On a scale of one to 10, how happy are the employees in your organization?
If your answer is “seven” then you’re right in line with the answer given by most CEOs.
“Seven is an interesting number,” says Kris Boesch, an workplace culture expert. “It’s representative of ‘we’re doing okay, not great’ or ‘I really don’t know.’ You’re confident that no one is going to go postal. Overall you have a good group of people who get along well enough. There are some areas that could use improvement. It’s a ‘safe’ number.”
But Boesch says no one should be thrilled with such an assessment, because when employees are happier, the bottom line is healthier.
Further, don’t try to defend your culture to Boesch by claiming that your workers are “satisfied” or “engaged.”
“That’s a pretty low bar to try and hit. Would you be thrilled to say that your clients are ‘satisfied’? And what is engaged? I don’t really know what that looks or feels like,” she says. “But I do know what happy looks like.”
Using 1,000 hours of research with a team from the industrial organizational psychology department at Colorado State University, Boesch identified eight critical happiness factors, such as the employees having a positive perception of the supervisor, workers believing their work is important in the organization and team members feeling they have freedom in their work.
What may surprise some companies, however, is what did not fall into those happiness factors: compensation, benefits and perks.
“I think there’s an obvious tendency to go to those things like compensation and benefits to increase happiness, but you’ll find that other research had similar outcomes,” she says. “It’s the obvious fix, but not the best one.”
Boesch, author of “Culture Works: How to Create Happiness in the Workplace,” says that more employers would work to boost employee happiness if they understood how it affects their bottom line.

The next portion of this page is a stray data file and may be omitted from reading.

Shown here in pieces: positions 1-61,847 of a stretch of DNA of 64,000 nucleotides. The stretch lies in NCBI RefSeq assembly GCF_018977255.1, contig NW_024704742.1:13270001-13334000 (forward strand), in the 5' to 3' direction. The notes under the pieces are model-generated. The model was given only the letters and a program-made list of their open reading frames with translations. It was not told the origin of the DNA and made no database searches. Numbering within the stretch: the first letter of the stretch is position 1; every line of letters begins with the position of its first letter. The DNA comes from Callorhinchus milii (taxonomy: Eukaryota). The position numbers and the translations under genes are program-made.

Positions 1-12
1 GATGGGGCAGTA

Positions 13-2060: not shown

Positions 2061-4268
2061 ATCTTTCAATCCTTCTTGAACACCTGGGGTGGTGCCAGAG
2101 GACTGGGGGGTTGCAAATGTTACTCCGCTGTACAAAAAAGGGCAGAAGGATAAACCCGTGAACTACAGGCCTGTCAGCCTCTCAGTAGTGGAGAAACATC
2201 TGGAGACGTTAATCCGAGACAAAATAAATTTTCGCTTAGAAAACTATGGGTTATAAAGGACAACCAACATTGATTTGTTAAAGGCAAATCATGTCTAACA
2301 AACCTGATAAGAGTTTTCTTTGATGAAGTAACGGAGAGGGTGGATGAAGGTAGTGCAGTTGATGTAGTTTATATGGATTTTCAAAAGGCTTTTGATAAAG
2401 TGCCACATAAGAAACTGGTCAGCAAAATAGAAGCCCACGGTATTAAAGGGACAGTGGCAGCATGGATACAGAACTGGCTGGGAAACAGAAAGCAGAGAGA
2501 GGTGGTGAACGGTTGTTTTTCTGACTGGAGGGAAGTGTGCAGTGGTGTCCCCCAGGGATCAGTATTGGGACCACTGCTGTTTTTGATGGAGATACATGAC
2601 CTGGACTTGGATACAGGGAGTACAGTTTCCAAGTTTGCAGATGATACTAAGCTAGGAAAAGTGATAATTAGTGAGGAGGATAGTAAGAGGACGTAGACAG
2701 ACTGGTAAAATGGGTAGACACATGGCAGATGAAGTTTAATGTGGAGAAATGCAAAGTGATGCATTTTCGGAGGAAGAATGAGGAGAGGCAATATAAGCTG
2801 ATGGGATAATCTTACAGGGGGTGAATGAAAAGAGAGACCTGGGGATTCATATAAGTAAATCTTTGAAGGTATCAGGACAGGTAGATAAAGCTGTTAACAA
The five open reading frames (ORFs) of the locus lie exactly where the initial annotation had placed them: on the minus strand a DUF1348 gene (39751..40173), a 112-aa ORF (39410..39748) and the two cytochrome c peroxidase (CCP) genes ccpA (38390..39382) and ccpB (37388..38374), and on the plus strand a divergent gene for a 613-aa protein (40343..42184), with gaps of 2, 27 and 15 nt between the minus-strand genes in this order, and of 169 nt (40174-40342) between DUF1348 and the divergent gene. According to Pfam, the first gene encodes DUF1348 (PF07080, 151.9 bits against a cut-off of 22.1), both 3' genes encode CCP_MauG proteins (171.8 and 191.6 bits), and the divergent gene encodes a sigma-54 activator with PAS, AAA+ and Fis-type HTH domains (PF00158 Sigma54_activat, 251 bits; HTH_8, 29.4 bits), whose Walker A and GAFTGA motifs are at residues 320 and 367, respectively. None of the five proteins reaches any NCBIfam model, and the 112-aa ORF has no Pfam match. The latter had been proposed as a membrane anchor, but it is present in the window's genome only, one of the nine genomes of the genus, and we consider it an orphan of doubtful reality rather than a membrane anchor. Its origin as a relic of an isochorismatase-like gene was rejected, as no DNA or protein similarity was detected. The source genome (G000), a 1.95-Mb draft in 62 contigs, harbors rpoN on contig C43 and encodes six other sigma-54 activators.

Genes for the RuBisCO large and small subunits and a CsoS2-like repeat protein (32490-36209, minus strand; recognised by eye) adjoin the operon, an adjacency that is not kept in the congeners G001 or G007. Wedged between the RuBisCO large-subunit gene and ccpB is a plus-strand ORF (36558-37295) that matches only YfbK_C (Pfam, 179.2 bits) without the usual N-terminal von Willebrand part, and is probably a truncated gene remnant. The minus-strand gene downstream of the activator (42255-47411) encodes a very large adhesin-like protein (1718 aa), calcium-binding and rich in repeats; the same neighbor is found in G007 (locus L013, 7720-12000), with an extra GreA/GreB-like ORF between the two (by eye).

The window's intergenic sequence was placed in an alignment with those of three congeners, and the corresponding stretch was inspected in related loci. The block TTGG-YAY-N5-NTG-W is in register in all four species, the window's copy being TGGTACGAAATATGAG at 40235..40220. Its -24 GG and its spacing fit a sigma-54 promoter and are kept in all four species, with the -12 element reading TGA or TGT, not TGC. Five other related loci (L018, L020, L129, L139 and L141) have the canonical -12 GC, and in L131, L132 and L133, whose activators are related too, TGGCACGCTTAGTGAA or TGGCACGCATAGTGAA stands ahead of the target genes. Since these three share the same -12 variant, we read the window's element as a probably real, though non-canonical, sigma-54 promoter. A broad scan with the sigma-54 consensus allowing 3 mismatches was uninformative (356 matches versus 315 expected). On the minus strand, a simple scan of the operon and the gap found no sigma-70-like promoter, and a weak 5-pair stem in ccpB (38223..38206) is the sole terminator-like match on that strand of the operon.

Specifically, a worker with an annual salary of $40,000 can cost a company $387,000 because an unhappy worker provides poor customer service, spreads negativity and eventually leaves, which costs the company in terms of recruitment and training of a new employee, she says.
On the other hand, that same employee who is happy can boost the bottom line by $21,300 because of 12% greater productivity than the average worker and 41% less absences that unhappy workers, she says.
Boesch says the biggest mistake companies make right now is trying to “throw money” at employees to make them happier, when what is really needed is an assessment of the emotional health of the workforce.
“It is really hard right now because people are really divided in this country. I think it’s important for leaders to remind their teams of the common ground they share. We all care about our families, for example,” she says. “We need to talk about what unifies us.”
One of the ways that companies can help unify workers – especially remote workers or teams in far-flung locations – is by using technology.
“Technology has the potential to enhance anything when used right,” she says. “Anything that helps us communicate better gets a high five.”
For example, greater employee happiness results when leaders share their own humanity – their concerns or fears or dreams – with teams. That may only be possible through technology in some cases, and letting workers hear directly from leaders “creates a level of intimacy” that can lead to a workforce is that feels more connected, she says.
Boesch says some other ways to create greater worker happiness includes:
Are you doing everything it takes to maintain a happy workforce?